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Lost and Found

I’ve found that genuine community develops in the most unlikely places, and that when it shows up, it’s an unexpected gift to be treasured. Sort of like when you’re briskly walking down the sidewalk, and there, defiantly pushing through a crack in the downtown concrete, is a nondescript yellow flower. You don’t know where it came from or how it managed to survive its hostile climate, but all the same its small offering of beauty makes you smile.

I’ve found that genuine community develops in the most unlikely places, and that when it shows up, it’s an unexpected gift to be treasured. Sort of like when you’re briskly walking down the sidewalk, and there, defiantly pushing through a crack in the downtown concrete, is a nondescript yellow flower. You don’t know where it came from or how it managed to survive its hostile climate, but all the same its small offering of beauty makes you smile.

My husband, Jason, and I moved to Dallas two years ago. Idealistic, newly married, and filled with the anticipation of things to come, we began putting our plans into action. Unpack the boxes—check. Find jobs—check. Start graduate school—check. Decorate the apartment with unique finds, throw fabulous dinner parties, and develop life-long friendships in our new community—items all still in process.

Unfortunately, no one warned me how slowly the friend-finding-and-making process progresses post-college. I was not prepared for the feelings of loneliness and fear that clung to me like a damp rag. Instead of my cell phone beeping with text messages detailing the plans for Friday night, the apartment was just quiet. Jason and I found ourselves longing for the companionship of other couples accentuated by a keen sense that we were searching for something. Ourselves? Friends to share our lives with? The contentment and security that comes from feeling at home?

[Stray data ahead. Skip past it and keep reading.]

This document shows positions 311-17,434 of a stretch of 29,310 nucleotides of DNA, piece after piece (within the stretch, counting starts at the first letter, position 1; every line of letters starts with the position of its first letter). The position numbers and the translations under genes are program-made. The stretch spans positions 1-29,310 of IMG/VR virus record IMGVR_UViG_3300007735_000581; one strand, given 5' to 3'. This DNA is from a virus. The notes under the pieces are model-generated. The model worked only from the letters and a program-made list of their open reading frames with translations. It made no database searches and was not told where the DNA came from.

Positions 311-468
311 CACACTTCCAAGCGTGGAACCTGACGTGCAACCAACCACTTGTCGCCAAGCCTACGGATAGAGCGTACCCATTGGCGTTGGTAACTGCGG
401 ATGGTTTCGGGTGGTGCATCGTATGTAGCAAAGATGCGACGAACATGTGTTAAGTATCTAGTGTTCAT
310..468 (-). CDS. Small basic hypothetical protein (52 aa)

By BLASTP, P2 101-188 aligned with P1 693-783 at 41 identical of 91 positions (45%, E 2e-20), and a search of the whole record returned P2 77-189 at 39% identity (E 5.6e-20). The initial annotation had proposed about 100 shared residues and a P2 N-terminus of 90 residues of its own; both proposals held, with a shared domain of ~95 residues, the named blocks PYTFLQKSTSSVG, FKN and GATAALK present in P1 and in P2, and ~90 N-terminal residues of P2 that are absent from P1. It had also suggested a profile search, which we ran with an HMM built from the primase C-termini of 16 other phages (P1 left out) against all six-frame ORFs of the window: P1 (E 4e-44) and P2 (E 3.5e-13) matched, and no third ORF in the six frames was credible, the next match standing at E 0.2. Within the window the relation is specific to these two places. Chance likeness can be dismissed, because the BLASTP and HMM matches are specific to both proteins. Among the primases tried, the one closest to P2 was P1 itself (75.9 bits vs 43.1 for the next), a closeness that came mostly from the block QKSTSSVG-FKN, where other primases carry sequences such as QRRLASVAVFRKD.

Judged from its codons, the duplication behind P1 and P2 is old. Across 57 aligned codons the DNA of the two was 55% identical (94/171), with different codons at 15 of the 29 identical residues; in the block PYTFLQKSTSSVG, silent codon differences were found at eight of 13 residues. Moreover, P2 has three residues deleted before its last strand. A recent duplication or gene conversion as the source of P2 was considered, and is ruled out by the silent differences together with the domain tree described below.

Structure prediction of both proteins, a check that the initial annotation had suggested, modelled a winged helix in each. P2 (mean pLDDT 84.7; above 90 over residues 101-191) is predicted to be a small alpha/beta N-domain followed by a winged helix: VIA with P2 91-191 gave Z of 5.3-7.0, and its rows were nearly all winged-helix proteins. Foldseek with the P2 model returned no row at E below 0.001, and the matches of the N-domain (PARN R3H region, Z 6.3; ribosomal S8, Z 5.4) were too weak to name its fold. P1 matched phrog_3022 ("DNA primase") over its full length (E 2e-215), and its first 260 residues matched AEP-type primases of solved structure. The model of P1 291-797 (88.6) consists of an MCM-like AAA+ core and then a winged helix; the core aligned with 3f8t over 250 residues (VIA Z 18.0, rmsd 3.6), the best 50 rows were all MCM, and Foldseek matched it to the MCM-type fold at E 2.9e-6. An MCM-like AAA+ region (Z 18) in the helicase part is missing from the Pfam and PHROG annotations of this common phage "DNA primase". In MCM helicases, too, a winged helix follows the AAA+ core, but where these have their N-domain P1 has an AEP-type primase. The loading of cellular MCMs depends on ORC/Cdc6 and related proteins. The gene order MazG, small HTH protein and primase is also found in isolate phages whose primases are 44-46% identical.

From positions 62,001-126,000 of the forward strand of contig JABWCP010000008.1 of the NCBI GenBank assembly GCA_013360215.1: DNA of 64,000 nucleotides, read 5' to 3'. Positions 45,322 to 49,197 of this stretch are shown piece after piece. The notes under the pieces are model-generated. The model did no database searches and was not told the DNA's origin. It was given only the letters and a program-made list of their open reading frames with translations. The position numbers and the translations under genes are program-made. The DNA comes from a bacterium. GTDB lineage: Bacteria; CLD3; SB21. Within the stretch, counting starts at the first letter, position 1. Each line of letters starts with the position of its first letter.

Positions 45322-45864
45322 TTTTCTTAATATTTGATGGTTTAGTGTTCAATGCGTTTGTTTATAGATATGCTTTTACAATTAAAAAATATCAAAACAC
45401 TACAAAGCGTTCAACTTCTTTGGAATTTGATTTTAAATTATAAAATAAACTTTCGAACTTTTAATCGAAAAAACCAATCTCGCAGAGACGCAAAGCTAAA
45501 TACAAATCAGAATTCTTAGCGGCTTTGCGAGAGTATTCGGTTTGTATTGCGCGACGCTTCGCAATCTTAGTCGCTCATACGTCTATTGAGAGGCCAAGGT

If I were to wrap up that season of tumultuous emotions and thoughts into just one word, I’d say that we were searching for community. Late night calls to that friend who knows you better than you know yourself. Cards that read, “Just because I care…” Meals shared amidst laughter and abundant quantities of salsa. The prayer, the hug, the words of encouragement that get you through the week and help you to remember that we were gifted by our Creator with an insatiable capacity to love and be loved.

I’m embarrassed to admit it, but Jason and I watched all six seasons of Lost, over 115 episodes, this summer. Besides being an absorbing TV show that leaves you conjecturing, Lost became a cult phenomenon in part because it highlights the universal need for community. We either “live together or die alone.” In their best moments, the survivors of Oceanic 815 thought and behaved as one cohesive band of people on journey together. They experienced pain, loss, and grief as a family and celebrated triumph, renewal, and birth as close friends. They did simple things for one another, like sharing food rummaged from the jungle, and performed noble deeds of self-sacrifice, even going so far as Charlie laying down his life for the safety of the others. Although each character was tragically flawed and broken, they learned to conquer their personal demons and obstacles together. And ultimately, they became one.